Speaking in Color
I found I could say things with color and shapes that I couldn't say any other way––things I had no words for. ––Georgia O'Keefe
Color inspiration: Karla Stille's clever
see-through rep weave rugs will be featured
in the next issue of Handwoven.
A couple of years ago, my weaving guild surveyed members to find out what kinds of workshops they most wanted. It turned out that the number one topic on our wish list was a workshop about working with color, which was not surprising to me, and I'll bet it isn't to you either. Color is ubiquitous, evocative, and deeply personal. Friends who've taken textile judging classes tell me that the first lesson is how difficult it is to be objective about color: even the best judge will inwardly cringe while pinning a blue ribbon on an exquisitely made entry in a color that he or she despises.
As weavers, we are blessed with myriad ways to explore color. Painted warps or stripes make plain weave anything but plain. We use color to give depth to graceful twills, trick the eye in shadow weaves, and lend block weaves the appearance of more blocks than our looms will weave. Variegated yarns let colors flow, combine, and pool, while Jacquard weaving can create photorealistic images from minute flashes of yarn color.
My subtler-than-planned twill scarf is a
lesson in color and the need for sampling.
Color can surprise or confound us, and either way, we learn. I'm finishing a scarf with two luxurious yarns that contrasted well in the skeins, less so in the cloth (the inevitable consequence of not wanting to sample with expensive yarns). The undulating twill pattern is meant to evoke the red-browns and greens of north Pacific kelp forests. I have hopes that fulling will tighten up the greenish-gray ground cloth and show up my kelp leaves, but if not, I will wear my whisper-soft scarf, congratulate myself on its uncharacteristic subtlety, and contemplate the colors (and samples) I will weave for the next one.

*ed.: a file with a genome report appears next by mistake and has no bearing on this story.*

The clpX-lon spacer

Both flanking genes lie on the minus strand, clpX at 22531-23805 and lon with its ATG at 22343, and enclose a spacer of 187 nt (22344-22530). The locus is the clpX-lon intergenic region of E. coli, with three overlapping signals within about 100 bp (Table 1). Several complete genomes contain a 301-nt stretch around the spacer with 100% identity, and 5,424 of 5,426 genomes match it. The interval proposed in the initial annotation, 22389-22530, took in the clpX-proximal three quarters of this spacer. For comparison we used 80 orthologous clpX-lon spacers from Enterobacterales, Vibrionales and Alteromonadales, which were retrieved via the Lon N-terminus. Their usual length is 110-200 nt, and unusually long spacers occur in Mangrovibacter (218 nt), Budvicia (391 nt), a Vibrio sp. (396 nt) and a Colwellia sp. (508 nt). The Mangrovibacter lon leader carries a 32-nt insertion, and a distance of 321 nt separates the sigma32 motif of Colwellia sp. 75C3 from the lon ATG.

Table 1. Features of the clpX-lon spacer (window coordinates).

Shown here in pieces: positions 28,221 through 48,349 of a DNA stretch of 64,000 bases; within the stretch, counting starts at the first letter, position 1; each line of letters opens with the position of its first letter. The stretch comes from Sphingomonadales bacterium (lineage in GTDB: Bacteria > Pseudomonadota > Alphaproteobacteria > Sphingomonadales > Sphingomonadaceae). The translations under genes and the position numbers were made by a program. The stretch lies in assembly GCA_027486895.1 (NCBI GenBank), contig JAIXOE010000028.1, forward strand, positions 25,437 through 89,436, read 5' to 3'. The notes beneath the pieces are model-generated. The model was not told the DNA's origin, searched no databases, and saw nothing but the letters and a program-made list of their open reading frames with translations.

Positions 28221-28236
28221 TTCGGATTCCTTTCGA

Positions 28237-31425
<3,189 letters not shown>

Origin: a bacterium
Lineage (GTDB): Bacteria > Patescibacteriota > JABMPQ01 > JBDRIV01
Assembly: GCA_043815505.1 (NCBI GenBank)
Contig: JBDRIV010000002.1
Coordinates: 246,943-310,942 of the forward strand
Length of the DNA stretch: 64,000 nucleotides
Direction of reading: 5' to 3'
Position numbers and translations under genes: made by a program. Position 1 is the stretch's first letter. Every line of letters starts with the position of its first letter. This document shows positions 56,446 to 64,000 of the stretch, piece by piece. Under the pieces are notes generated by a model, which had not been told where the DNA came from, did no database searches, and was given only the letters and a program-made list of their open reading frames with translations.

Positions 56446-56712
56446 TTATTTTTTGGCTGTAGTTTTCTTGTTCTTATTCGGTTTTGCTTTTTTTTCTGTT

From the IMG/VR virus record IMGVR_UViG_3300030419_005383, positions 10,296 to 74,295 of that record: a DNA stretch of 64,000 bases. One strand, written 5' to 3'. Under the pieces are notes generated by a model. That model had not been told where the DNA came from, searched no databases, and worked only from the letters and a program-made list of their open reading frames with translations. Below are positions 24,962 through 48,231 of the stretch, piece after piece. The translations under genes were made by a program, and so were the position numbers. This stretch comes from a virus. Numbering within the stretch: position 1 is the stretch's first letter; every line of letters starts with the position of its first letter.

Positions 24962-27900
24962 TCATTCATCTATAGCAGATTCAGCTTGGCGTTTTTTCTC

The May/June 2013 issue of Handwoven will celebrate the mysteries and possibilities of color and design. We'll have some advice from color experts, but the beauty of color is that each of us has our own unique color sense and approach. Handwoven contributor Rebecca Fox wrote me this week about her adventures in learning to love green and orange together, and how she gets herself out of color ruts. In the upcoming November/December issue, Karla Stille gives depth to her rug design by allowing the rag weft to peek through the rep weave.
I'm sure you have color tricks and triumphs of your own so, in anticipation of next year's color issue, I'm giving you all a challenge: take an image of your choice, interpret it in your favorite weave structure, and share the results. You can evoke the image with shapes, through your materials, through texture, or anything you want to combine with your color exploration. Along the way, please share your insights and results on the Weaving Today Reader Showcase, in the weaving discussion forum, or in your Weaving Today study group. We'll be watching for projects to showcase in next year's color issue. I know you'll make discoveries and weavings that are wonderful beyond words, and I can't wait to see them.